I’ve been doing more thinking & research about gels vs sports drinks. It’s frustrating that NRMT doesn’t mention gels, and Marathon Training for Dummies promotes them & doesn’t mention sports drinks for during a race (as opposed to before & after). Author Tere Stouffer Drenth just says she doesn’t drink sports drinks during a run, but doesn’t explain why. What started me questioning was how some gels have varying amounts of electrolytes & some don’t; so if you want to make sure you’re getting them (which most advice says you should, although there are contrarians), you’d need sports drink in addition to gels–but you’re only supposed to drink water with gels! Plus I found a number of sites explaning that if you don’t drink the right quantity of water with your gels, they either suck the water back out of your intestines/tissues, or are too diluted. And I’d need at least 6 gel packets for the marathon, which seems like a lot; Gatorade is available at every aid station. Gels are expensive, too, and not as easily available as Gatorade.
The tipping point for me was this article which describes a study comparing sports drink to placebo to a solid/liquid carb mix (but NOT a gel, unfortunately). A quote I just stumbled across: “The plural of anecdote is not data.” Gels have a lot of anecdotes behind them, but not a lot of research. So I figured, let me try Gatorade (since you’re supposed to make sure you can tolerate the brand served at the race). When I did my 8-miler a few years ago, I got some Powerade and hated it. I don’t like Gatorade, but I saw the tag-line at their website about how it tastes different when you’re hot & sweaty. So I got some at the supermarket and tried it in the Hydrobak today.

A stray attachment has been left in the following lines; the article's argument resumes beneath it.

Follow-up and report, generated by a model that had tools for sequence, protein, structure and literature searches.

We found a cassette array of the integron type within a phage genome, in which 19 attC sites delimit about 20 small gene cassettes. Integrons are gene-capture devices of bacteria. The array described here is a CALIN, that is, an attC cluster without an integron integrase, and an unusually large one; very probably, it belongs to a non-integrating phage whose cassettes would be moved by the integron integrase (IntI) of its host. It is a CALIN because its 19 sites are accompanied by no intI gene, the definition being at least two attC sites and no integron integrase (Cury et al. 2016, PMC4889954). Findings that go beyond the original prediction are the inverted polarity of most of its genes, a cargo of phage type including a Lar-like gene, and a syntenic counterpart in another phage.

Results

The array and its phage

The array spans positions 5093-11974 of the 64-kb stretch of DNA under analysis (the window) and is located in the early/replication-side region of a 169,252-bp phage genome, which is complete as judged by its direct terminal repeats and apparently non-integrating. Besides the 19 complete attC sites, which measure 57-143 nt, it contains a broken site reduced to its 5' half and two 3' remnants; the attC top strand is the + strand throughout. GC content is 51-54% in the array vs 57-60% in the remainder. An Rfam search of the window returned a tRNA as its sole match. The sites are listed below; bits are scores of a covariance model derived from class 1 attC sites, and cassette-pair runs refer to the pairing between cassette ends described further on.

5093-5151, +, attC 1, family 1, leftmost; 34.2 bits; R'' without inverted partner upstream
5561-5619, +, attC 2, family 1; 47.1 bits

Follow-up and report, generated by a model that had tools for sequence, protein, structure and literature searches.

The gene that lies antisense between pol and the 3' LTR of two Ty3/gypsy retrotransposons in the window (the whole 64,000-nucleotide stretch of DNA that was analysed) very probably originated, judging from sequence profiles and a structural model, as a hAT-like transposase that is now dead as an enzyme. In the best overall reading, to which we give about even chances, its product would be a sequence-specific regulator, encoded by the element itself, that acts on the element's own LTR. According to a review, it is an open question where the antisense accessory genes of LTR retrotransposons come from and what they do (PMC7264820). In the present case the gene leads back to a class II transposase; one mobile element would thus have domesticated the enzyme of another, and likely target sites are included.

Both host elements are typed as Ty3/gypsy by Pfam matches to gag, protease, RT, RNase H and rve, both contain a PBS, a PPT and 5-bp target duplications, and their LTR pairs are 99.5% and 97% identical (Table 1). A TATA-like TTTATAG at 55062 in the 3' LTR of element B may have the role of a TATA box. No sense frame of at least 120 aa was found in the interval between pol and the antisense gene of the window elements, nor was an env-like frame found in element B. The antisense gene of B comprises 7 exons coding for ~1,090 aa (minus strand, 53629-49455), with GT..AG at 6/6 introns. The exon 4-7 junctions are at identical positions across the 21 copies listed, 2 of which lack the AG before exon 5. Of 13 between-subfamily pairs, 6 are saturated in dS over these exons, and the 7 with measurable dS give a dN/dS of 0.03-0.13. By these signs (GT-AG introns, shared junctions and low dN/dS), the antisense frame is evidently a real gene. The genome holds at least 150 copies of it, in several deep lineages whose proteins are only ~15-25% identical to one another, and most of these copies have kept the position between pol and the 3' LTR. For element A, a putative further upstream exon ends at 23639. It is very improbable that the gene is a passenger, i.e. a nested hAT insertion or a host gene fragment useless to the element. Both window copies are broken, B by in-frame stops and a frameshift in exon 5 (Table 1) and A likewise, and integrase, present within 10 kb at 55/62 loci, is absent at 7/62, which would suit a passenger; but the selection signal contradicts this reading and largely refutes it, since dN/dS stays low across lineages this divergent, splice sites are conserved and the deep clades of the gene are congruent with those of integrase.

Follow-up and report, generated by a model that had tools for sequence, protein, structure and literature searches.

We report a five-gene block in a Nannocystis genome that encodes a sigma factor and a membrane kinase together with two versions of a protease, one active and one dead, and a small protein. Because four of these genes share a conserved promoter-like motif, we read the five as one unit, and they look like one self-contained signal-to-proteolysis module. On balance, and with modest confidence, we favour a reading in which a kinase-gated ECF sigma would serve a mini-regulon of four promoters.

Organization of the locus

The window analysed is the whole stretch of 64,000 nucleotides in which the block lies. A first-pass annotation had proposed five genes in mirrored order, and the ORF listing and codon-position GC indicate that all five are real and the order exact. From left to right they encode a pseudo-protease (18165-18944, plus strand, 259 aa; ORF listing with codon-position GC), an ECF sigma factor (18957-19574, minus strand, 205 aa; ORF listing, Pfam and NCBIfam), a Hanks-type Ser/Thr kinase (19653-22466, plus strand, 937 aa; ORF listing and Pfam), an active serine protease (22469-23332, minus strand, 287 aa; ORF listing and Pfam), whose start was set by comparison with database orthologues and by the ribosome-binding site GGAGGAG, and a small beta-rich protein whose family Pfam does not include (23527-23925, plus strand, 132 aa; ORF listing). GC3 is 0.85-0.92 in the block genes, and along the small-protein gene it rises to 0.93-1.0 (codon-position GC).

It was OK! I had gotten home from work ravenous (which is happening much more now that my mileage is climbing) and gobbled a bowl of Cheerios, a banana, and a little leftover Jonathan coffee (ie STRONG) in a cup of milk, then headed out. So my stomach was a little uncomfortably full & sloshy (I’ll try not to do that again!), yet the Gatorade didn’t bother me. I still don’t love the flavor, but the plasticy water in the Hydrobak is no taste sensation either; drinking enough is a chore either way. So I’ll try Gatorade on my 11-miler this weekend. It would be great not to have to carry too much on marathon day (I’d bring a couple of gels anyway, one to share & one with caffeine for an extra kick–maybe the tangerine PowerGel, which is double caffeine).